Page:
The ground is shifting in the health policy debate, my friends. For most of the 25 years I have been working on this issue at the Galen Institute, the key issue has been coverage…coverage…coverage, with growing cries for Medicare for All and universal coverage.
But now that virtually all Americans have access to coverage, even if they aren’t signed up, concerns are shifting dramatically to costs with the focus on high premiums and out-of-pocket costs and insurance that isn’t really insurance at all as deductibles soar to $6,000, $8,000 or even higher.
And yet…I am testifying once again next week on Medicare for All before the Senate Budget Committee, chaired by Sen. Bernie Sanders. I am honored to once again to share the witness table with the inimitable Prof. Charles Blahous of the Mercatus Center at George Mason University. You can view the hearing at 11 a.m. on Thursday morning here.
And now for the good news: Market-friendly Members of Congress are hard at work in developing policies and plans to address targeted concerns that will encourage innovation, consumer choice, and competition to lower costs.
- This week, the Treatment Subcommittee of the House Health Future Task Force announced more than a dozen proposals to lower drug costs, unleash innovation in medicine, devices, and diagnostics, and promote security with American-made medicines.
- Reps. Rodgers, Banks, and Wenstrup would “Affirm Every Person’s Life has Value” by banning the use of policies that put a price on our lives to determine access to new medicines and technologies in all federal programs.
House Energy and Commerce Republican Leader and Republican Study Committee Member Cathy McMorris Rodgers, Republican Study Committee Chairman Jim Banks, and RSC Member and GOP Doctors Caucus Co-Chair Brad Wenstrup, introduced “The Protecting Health Care for All Patients Act,” important legislation to prevent discrimination against Americans with disabilities.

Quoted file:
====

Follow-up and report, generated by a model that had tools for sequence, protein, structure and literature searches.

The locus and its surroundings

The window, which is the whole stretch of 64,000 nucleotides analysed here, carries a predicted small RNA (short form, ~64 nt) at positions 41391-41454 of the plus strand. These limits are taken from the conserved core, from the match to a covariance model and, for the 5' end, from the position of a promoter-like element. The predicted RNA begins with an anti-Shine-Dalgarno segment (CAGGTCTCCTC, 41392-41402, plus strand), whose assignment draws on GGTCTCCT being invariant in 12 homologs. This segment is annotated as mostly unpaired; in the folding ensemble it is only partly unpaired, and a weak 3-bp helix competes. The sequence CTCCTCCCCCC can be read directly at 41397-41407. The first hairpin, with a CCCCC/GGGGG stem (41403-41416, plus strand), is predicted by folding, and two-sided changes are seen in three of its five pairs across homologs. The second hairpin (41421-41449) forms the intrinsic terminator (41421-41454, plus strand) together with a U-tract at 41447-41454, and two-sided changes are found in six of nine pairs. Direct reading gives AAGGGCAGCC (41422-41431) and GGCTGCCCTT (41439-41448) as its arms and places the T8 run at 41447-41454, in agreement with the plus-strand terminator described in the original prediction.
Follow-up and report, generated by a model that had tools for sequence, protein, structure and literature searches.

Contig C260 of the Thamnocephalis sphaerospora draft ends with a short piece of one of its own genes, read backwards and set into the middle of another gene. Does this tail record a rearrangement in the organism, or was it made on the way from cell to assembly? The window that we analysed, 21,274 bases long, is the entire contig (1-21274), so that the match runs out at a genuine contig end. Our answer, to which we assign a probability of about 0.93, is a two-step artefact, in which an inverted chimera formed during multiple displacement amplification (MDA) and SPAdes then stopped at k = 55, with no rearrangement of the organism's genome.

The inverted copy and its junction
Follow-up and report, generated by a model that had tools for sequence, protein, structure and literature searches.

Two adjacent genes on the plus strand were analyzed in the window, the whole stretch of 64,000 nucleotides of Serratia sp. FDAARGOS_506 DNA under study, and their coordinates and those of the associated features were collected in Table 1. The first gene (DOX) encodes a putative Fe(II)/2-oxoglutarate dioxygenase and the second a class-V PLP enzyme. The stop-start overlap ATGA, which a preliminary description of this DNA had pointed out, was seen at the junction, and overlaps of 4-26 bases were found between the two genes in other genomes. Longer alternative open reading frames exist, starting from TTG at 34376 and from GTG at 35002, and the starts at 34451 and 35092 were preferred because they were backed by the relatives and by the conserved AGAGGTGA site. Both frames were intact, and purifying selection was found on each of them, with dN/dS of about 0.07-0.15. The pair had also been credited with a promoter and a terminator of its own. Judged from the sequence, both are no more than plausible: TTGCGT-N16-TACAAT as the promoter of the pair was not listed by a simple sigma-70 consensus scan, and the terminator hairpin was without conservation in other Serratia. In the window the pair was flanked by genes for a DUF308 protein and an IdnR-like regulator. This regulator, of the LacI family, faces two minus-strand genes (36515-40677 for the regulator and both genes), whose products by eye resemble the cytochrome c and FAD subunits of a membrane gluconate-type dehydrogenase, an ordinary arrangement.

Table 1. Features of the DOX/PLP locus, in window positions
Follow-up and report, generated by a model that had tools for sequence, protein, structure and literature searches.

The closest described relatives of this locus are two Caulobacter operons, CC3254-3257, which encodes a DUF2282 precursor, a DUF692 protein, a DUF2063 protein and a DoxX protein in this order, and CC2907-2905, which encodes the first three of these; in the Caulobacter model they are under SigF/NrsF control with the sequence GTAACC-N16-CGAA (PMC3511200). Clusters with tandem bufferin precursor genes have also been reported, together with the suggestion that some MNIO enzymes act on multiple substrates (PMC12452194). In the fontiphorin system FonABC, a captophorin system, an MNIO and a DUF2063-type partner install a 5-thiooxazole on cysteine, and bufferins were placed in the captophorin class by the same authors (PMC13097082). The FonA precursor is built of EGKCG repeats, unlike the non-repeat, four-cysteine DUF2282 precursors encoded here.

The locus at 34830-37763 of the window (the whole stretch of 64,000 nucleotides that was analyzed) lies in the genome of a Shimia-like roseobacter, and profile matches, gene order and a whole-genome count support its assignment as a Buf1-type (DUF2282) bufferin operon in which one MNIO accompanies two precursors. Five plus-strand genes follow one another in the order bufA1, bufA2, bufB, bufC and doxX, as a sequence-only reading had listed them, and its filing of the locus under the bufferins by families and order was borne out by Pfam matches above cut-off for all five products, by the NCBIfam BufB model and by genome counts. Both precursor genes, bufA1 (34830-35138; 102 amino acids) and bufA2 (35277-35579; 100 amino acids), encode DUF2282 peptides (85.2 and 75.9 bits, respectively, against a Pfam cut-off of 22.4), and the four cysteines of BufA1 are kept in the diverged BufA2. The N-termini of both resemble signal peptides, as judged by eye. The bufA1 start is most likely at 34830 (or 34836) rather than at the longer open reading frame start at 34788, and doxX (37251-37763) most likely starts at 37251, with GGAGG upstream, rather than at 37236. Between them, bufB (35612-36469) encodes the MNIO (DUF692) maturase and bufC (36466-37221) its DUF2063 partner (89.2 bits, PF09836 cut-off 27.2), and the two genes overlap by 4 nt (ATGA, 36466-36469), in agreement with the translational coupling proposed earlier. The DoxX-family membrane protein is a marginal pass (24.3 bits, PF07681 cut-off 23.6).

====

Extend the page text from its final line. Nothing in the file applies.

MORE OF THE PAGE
Want more evidence? Joel White who heads the Council for Affordable Health Coverage testified last week before members of the House Education and Labor Committee about fresh ideas for reform “clear alternatives to more government-run policies such as Medicare for All,” Joel testified. “In our issue groups, we found that inflation makes calls for more health spending and expansion of government programs seem reckless, not compassionate.”
He has a plethora of proposals, many focused on helping small businesses with health costs and choices. Lots more details here.
So the big news is that conservatives, who have been wary of offering health proposals after John McCain’s thumbs-down vote against reform in 2017, are stepping up to the plate. Expect a series of announcements about new ideas over the coming weeks and months.
All of this calls into question why on earth taxpayers are spending $1 billion a year on a government program that is supposed to help us innovate our way out of high costs but which has little to show for the investment.
Pete Sepp, Andrew Lautz, and Doug Badger have written an in-depth analysis for the National Taxpayers Union on the much-heralded Center for Medicare and Medicaid Innovation, created as part of Obamacare with the promise that its demonstration projects would save tens of billions of dollars in Medicare. The NTU paper shows how far CMMI is missing the mark in facilitating innovation and cost savings in these federal programs.
The private sector is the answer, not restrictive, regulation-bound government programs.
Finally, I was honored to be included again this year in The Washingtonian’s list of “Washington DC’s 500 Most Influential People.” And I was especially proud to be on the list with Dr. Brian Blase who is making a big impact in a short time with his new think tank, the Paragon Health Institute. Major congrats for the honor, Brian!